Very much like last week’s post, this week’s was initially a bit of a puzzle and I could not locate where the following original photo had been taken.
There are no street names and no instantly recognisable buildings. I could not recall anywhere in central London with two streets joining, separated by a long length of steps. My only clue was the rather dark sign on the right hand side stating Southern Electric and Underground.
After checking the London stations of the Southern Railway I finally found where the photo was taken, but only because the buildings in the middle distance of the photo are still there, the rest of the scene is completely different.
The location is outside Blackfriars Station, looking east up Queen Victoria Street and my 2014 photo from the same position is shown below:
The foreground has completely changed, but what confirms the scene is the church tower (St Andrew by the Wardrobe) and the buildings around the church (the building behind the church is the British & Foreign Bible Society and the taller building behind that is the original Post Office Faraday building, opened on the 4th May 1933 and one of the main hubs for London telephone services).
John Stow in his 1603 Survey of London was rather dismissive of the church of St. Andrew, with the single sentence “then turning up towards the north, is the parish church of St. Andrew in the Wardrobe, a proper church, but few Monuments hath it”.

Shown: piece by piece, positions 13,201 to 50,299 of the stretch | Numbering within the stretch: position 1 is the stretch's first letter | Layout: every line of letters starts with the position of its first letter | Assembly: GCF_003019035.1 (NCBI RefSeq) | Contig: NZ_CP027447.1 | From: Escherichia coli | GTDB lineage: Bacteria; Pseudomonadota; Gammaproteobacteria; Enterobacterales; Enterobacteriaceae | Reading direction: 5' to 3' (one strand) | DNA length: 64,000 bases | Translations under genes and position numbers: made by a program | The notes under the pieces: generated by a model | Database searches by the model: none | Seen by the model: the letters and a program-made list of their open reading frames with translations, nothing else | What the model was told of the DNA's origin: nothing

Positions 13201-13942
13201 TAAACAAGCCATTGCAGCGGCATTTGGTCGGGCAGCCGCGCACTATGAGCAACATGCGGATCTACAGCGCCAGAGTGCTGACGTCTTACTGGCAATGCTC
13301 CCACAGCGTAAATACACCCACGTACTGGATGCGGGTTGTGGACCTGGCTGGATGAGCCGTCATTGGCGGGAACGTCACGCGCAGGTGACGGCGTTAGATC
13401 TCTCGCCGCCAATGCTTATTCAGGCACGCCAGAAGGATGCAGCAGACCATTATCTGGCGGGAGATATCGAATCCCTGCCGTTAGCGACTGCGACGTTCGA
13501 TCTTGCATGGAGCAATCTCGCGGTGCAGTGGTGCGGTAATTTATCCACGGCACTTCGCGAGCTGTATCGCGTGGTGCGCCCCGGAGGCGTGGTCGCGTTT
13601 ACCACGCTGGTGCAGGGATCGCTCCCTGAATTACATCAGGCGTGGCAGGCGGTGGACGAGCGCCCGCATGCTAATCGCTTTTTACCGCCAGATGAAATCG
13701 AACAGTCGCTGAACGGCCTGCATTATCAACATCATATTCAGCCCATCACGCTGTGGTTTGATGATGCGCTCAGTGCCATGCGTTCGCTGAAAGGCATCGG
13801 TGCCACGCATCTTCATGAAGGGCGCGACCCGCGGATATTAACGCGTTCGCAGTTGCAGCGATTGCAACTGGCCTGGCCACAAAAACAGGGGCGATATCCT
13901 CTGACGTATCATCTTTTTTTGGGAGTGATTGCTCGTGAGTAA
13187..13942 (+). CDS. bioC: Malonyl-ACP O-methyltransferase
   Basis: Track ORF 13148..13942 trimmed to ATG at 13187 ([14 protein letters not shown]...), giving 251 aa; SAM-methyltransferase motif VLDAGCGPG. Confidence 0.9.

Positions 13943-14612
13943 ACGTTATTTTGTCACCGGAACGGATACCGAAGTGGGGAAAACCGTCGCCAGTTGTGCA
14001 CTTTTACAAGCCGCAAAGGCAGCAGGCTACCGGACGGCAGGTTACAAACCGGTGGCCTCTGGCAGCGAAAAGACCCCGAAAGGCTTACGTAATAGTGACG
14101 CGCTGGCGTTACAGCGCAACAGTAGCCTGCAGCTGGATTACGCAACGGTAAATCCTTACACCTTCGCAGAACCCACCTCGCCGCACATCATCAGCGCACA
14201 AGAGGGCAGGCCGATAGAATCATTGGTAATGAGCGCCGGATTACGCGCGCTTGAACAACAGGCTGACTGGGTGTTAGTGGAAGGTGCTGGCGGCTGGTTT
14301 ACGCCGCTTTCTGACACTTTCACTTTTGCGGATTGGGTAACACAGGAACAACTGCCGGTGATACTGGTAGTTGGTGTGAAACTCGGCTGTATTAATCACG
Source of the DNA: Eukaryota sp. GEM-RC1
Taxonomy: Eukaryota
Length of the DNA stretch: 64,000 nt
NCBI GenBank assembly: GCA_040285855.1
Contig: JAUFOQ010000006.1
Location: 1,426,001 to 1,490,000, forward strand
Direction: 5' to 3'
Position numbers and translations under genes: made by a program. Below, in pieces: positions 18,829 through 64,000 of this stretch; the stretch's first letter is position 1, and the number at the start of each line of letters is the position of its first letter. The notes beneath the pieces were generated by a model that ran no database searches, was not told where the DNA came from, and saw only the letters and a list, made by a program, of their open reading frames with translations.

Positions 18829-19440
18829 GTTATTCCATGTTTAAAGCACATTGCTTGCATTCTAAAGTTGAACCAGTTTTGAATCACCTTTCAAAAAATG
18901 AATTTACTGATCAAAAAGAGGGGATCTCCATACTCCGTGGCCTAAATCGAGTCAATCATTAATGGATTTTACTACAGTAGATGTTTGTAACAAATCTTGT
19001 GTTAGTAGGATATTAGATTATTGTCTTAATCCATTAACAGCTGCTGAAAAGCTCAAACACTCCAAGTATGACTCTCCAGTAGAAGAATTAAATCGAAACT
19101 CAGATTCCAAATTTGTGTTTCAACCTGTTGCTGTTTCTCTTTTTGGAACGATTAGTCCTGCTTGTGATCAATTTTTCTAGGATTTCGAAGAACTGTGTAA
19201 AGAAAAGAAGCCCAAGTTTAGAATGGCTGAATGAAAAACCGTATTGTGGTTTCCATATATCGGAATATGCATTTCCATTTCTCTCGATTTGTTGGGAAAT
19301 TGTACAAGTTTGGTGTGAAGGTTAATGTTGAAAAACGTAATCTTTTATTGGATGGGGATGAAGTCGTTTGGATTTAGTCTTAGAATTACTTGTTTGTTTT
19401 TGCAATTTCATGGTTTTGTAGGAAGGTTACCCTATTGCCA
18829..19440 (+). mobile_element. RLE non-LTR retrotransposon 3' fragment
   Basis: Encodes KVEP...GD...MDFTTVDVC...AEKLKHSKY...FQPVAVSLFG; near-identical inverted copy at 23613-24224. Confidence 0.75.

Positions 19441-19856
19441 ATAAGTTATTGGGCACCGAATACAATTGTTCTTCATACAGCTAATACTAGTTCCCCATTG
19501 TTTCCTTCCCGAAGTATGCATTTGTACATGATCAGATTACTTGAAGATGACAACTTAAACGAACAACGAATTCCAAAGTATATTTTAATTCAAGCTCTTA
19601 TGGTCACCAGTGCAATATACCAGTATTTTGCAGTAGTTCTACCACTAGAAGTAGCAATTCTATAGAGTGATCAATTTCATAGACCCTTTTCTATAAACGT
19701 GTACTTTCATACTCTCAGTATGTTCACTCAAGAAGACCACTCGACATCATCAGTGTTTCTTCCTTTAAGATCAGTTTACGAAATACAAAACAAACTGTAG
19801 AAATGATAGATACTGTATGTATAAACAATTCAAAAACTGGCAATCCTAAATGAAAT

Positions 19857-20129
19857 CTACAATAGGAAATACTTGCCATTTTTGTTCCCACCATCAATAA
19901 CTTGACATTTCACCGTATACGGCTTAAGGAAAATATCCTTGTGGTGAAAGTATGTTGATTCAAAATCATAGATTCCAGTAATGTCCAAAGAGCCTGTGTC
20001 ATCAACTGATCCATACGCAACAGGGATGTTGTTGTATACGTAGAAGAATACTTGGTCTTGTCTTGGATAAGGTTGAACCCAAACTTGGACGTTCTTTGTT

The “Wardrobe” reference in the church name is to the King’s Wardrobe that was moved out of the Tower of London in the reign of King Edward the Third. This was in a great house built by Sir John Beauchampe, Knight of the Garter, Warden of the Sinke Portes and Constable of Dover. He died in 1359 and his executors sold the house to King Edward the Third. Following this sale, the parson of St. Andrew’s complained to the King that “the said Beauchamp had pulled downe divers houses in their place to build the said house.”
As well as the buildings in the foreground, even the level of the streets has been changed with the level on the right being taken up to that of Queen Victoria Street thereby removing the steps at the road junction. It would be good to think that some part of those steps were left and are buried beneath the current street level adding to the layers of history buried beneath the City’s surface.
This small area is also a good example of how continuous development has reshaped London over the years, not just the buildings, but also the main thoroughfares through the City, and how the City has tried to manage the increasing volume of traffic passing within and through the City.
Queen Victoria Street is the main street on the left of both photos. In the long history of London, this, as the name implies, is a recent road.
It was fully opened to the public on Saturday 4th November 1871 and to quote from “The Face of London” by Harold P. Clunn:
“Queen Victoria Street was constructed by the late Metropolitan Board of Works as a continuation of the Victoria Embankment, with the object of providing London with a new main artery from the Mansion House to Charing Cross. It was the greatest improvement carried out in the City of London during the nineteenth century. Not only did it provide invaluable relief to the enormous traffic of Cheapside, but it completely altered the appearance of the City centre.”